Oscar Wilde and the Aestheticism Movement
Oscar Wilde and the Aestheticism Movement
The arts in addition to crafts movement was the main clause of reform design in the 19th century that describes the era of its greatest advancement, roughly between 1870 and 1920 (Campbell, 2006). The two major stylistic advancements of this movement’s philosophy are the Aesthetic Movement and Art Nouveau. Aesthetic Movement of the 19th century, according to Lambourne, (1996) is a movement that existed in the 1870s to 1880s, which made itself noticeable through the fine in addition to decorative arts and architecture in both Britain and the United States. Its influence in Europe was so great that it is had to describe.
In response to what was perceived as evidence of philistinism in art and design, it was typified by the cult of beauty and as well an emphasis on the sheer pressure to de obtained from it (Lambourne, 1996). Championing of the aesthetic movement was done by the writers and critics Oscar Wilde (1854-1900), Walter Patel (1839-94), and Charles Swinburne (1837-1909) (Campbell, 2006). These artists in conjunction with craftsmen of aesthetic movement sought to lift up the form of furniture, ceramics, wall papers, books, glass, textile and metalwork to the level of fine art.
They tended to hold that Arts should offer purified sumptuous pleasure instead of conveying moral over-romantic messages. He was concerned with the impact of moralizing on art as a result of his view of art as a separate form of life (Gere and Hoskins, 2000). Wilde, in particular, did not agree to Ruskin and Arnold’s utilitarian view of art as something moral or helpful. He believed that art did not play educational role; it only needed to make beautiful statements. He argued that beauty is the only thing that cannot harm (Raby, 1988).
Just like other aesthetes, Wilde denied the social value of literature and art. Wilde stated that the most important things in life are autonomy from moral fetters as well as the limitations of society (McDermott, 2007). Wilde was deeply concerned with the soul of man. This made him to constantly complain about poverty in is his work. Wilde, as McDermott, (2007) asserts, argued that the life of an artist is more important than any form of art that he/she develops He also noted that life itself is an art and that true artists present their lives as their finest productions (Raby, 1988).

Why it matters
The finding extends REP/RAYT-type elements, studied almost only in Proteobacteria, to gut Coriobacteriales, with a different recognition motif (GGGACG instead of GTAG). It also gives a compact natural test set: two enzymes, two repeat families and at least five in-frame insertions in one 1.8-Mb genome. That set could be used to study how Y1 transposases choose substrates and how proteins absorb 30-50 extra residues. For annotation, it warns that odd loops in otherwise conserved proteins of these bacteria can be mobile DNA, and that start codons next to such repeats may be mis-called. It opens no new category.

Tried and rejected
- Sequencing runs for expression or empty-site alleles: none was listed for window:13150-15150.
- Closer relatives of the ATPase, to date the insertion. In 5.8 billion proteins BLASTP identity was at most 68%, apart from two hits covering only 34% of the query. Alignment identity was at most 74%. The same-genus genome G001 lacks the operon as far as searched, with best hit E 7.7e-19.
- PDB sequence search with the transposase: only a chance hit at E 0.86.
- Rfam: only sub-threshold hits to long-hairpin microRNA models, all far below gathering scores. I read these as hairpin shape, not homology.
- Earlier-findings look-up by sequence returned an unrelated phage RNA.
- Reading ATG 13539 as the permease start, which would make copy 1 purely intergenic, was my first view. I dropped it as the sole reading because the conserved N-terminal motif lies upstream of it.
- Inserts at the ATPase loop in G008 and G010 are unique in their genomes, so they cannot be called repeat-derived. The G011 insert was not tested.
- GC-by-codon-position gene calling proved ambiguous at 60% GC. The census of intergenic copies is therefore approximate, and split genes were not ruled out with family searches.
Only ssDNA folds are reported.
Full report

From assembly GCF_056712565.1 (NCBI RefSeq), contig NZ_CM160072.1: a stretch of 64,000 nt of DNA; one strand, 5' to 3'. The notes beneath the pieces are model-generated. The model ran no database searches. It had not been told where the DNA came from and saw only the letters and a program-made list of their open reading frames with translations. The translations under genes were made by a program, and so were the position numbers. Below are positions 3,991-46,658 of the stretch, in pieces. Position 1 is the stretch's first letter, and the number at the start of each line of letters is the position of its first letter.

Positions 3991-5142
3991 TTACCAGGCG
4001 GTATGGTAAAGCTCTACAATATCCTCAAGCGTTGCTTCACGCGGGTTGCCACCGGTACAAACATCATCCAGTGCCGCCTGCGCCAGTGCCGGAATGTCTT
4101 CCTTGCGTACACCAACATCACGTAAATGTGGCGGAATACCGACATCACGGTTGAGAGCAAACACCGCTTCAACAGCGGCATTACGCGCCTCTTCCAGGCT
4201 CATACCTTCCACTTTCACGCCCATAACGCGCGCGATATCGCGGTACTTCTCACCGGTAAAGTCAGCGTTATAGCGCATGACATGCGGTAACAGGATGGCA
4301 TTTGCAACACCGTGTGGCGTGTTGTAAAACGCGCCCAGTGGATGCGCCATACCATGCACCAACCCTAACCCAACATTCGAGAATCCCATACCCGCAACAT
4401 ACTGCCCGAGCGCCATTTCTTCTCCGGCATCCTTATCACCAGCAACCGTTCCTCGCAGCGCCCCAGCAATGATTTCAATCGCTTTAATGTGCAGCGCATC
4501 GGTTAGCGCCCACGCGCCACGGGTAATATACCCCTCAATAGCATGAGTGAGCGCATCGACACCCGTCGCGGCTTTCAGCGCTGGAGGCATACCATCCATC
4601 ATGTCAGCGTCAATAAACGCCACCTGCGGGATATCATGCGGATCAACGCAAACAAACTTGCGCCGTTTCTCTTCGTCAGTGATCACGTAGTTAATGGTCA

Wilde had used aesthetic decorations throughout his youth. He had devoted so evidently and uncompromisingly to living his art. He considered his own life as a form of art (Raby, 1988). Wilde together with other aesthetes established the cult of beauty, which they regarded as the principle factor in art. They took nature as rough and deficient in design when compared to art. They adopted the principle of art for arts sake and established art over everything else. Wilde, as Raby (1988) argues, set out to widen this principle to that of life for the sake of art.
In oxford as indicated by Campbell (2006), Wilde astonished the religious dons with his inappropriate approach towards religion. He was also heckled at his weird clothes. The use of peacock feathers in addition to blue and white china typified the aesthetic interiors. Wilde gathered blue China as well as peacock feathers, which he decorated his room with and later on his velvet knee-breeches which attracted much attention. Wilde worked as a reviewer of art and conducted lecturers in the U.
S and Canada (Raby, 1988). He had a luxurious taste for everything and, after conducting a series of lectures his listeners changed to a new set of standards for designing their homes (Lambourne, 1996). The amalgamation of Wilde’s exposure through the famous media in addition to the wealth of specialist furnishing as well as beautifying manuals assisted in simulating the public in the novel style. Manufacturers were also quick to take up the new trends in decorative styles (McDermott, 2007).
Wilde created a series of discussions as well as essays that advanced his view on the supremacy of art. His views concerning art were basically chatty and positive. Wilde published lyrics along with poems in magazines from the time when he entered college. He included serious articles on parenting, politics and culture to his dialogues of fashion and arts. Wilde typified, through his own words, the response against the rudimentary primaries of a doubtless more reputable but definitely less cultivated era (McDermott, 2007).
Most of Wilde’s work conformed to aesthetic principles. It revealed an over balance of curiosity in both subject and styles, and a response to the restriction of outward practical things (Gere and Hoskins, 2000). Philosophy of Esthetic Movement, as stated by Lambourne, (1996) was spread to the United States by William Morris. Wilde, as stated by Raby (1988), made a lecture tour of the United States in 1882. Despite the fact that he satirized for his effeteness and pomposity he increased awareness of the Aesthetic Movement.